Naming our son was easy. We opted for family names handed down 200 years ago.
A puppy? When we acquired a half-St. Bernard, half-German Shepherd mix (the same breed as Buck in Jack London's Call of the Wild), that was easy, too. The puppy insisted on eating the daisies, so...ta-dah.."Daisy."
Kitten? We named our calico kitten, "Indiana Joan," heralding her adventuresome personality that included--but was not limited to--falling into the fish pond. Fast forward to 15 years later. A woman is holding a "Free" sign outside a supermarket and inside a cardboard box is a frightened tuxedo kitten about to be taken to a shelter. We did not name her "Free." Since she proved to be a mix of princess (loves to cuddle, and still does) and warrior (loves to hunt rodents, and still does), she became "Xena, the Warrior Princess."
But how do you name an insect? It's not as simply as "Daisy" or "Indiana Joan" or "Xena the Warrior Princess."
The theme is "Name That Bug! How About Bob?"
Bob is a very good name. Just ask forensic entomologist Bob Kimsey of the UC Davis Department of Entomology and Nematology, and his wife and colleague, Lynn Kimsey, director of the Bohart Museum and UC Davis professor of entomology.
And at least one big box supermarket is quite fond of "Bob." Ever noticed the sign, "Remember BOB?" at the cash register? That clues the cashier to check "Bottom of the Basket (BOB)."
So, when you attend the Bohart Museum of Entomology open house on May 17, you'll meet and chat with taxonomists and other scientists at the Bohart Museum and the California Department of Food and Agriculture who will explain how insects are named. There also will be family arts-and-crafts activities. The event is free and open to the public.
It's good to know that you, too, can name insects. The Bohart Museum sponsors a nonprofit Biolegacy Program, an opportunity to name an insect after yourself or a loved one. For example, there's a new wasp species named “The Bockler Wasp," thanks to a concerted drive to memorialize a beloved and award-winning high school biology teacher.
When the retired science teacher, Donald “Doc Boc” Bockler of Arlington (Mass.) High School, died at age 65, two of his former students from the Class of 1993--Tabatha Bruce Yang of the Bohart Museum and Margaret Dredge Moore of Arlington--launched a fundraising drive to name an insect after him. They selected a newly discovered species in the genus Lanthanomyia and sought the name, Lanthanomyia bockleri.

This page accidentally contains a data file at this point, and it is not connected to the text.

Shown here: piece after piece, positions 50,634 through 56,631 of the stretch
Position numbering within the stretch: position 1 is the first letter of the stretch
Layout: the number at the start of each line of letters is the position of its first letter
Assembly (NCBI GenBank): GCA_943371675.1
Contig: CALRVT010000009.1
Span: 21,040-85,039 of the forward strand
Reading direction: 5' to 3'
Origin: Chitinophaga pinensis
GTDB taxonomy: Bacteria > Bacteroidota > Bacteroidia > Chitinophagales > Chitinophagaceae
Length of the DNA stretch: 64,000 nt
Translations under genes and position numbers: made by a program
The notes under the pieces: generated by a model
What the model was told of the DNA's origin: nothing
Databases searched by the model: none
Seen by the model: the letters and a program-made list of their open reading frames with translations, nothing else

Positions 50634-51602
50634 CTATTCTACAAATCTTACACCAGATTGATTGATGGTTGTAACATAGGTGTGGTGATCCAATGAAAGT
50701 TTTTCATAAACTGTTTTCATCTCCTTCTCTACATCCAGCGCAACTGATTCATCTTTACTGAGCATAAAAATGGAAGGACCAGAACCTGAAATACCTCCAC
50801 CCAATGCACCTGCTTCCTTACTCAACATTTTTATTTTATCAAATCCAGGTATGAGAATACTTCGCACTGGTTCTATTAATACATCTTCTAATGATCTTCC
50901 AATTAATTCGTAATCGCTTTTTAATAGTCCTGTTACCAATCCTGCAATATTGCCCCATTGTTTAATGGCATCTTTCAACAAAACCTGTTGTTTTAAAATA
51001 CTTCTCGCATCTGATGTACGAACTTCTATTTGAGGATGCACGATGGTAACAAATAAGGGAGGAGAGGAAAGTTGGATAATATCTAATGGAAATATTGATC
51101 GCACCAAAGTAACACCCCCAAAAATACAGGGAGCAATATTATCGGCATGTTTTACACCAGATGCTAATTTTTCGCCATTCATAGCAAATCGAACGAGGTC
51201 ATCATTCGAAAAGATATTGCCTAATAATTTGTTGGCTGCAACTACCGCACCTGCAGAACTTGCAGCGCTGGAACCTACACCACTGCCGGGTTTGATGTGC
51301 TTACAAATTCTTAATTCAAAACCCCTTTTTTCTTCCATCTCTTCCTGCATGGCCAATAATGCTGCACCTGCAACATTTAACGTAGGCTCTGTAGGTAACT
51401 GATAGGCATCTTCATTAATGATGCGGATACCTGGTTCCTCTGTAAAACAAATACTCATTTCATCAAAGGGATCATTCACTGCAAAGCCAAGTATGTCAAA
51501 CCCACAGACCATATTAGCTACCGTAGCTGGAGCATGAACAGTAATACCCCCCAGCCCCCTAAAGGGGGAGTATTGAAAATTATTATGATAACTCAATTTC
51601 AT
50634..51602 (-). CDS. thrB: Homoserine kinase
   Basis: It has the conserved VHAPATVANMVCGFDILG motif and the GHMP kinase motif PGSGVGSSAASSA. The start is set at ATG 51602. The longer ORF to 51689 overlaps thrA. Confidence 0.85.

Senior museum scientist Heydon recently published his work on Lanthanomyia bockleri Heydon in Zootaxa, a worldwide mega-journal for zoological taxonomists and the name is now official.
“Once an article goes through the scientific review process and is published in a peer-reviewed scientific journal, the name of the new species is official and immortalized in the scientific literature,” explained Kimsey.
Kimsey described species-naming as “a unique, lasting form of dedication” and “a great honor both for the person giving the name and for the individual or other honoree whose name is being given to the species.”
Heydon explained that Lanthanomyia is a genus whose species are restricted to central and southern Chile and adjacent parts of Argentina. The new species is found in the Nothofagus forests of Patagonian Chile, including Chiloe Island. It belongs to a family of parasitic wasps called the Pteromalidae. “Unlike other related species, this one has a unique dorsal attachment of the head to the thorax," Heydon said. "If you see a specimen of Lanthanomyia with the neck attaching close to the top of the head, you know it is bockleri. Adults are reared from galls on Nothofagus and are thought to be parasites of gall-forming weevils.”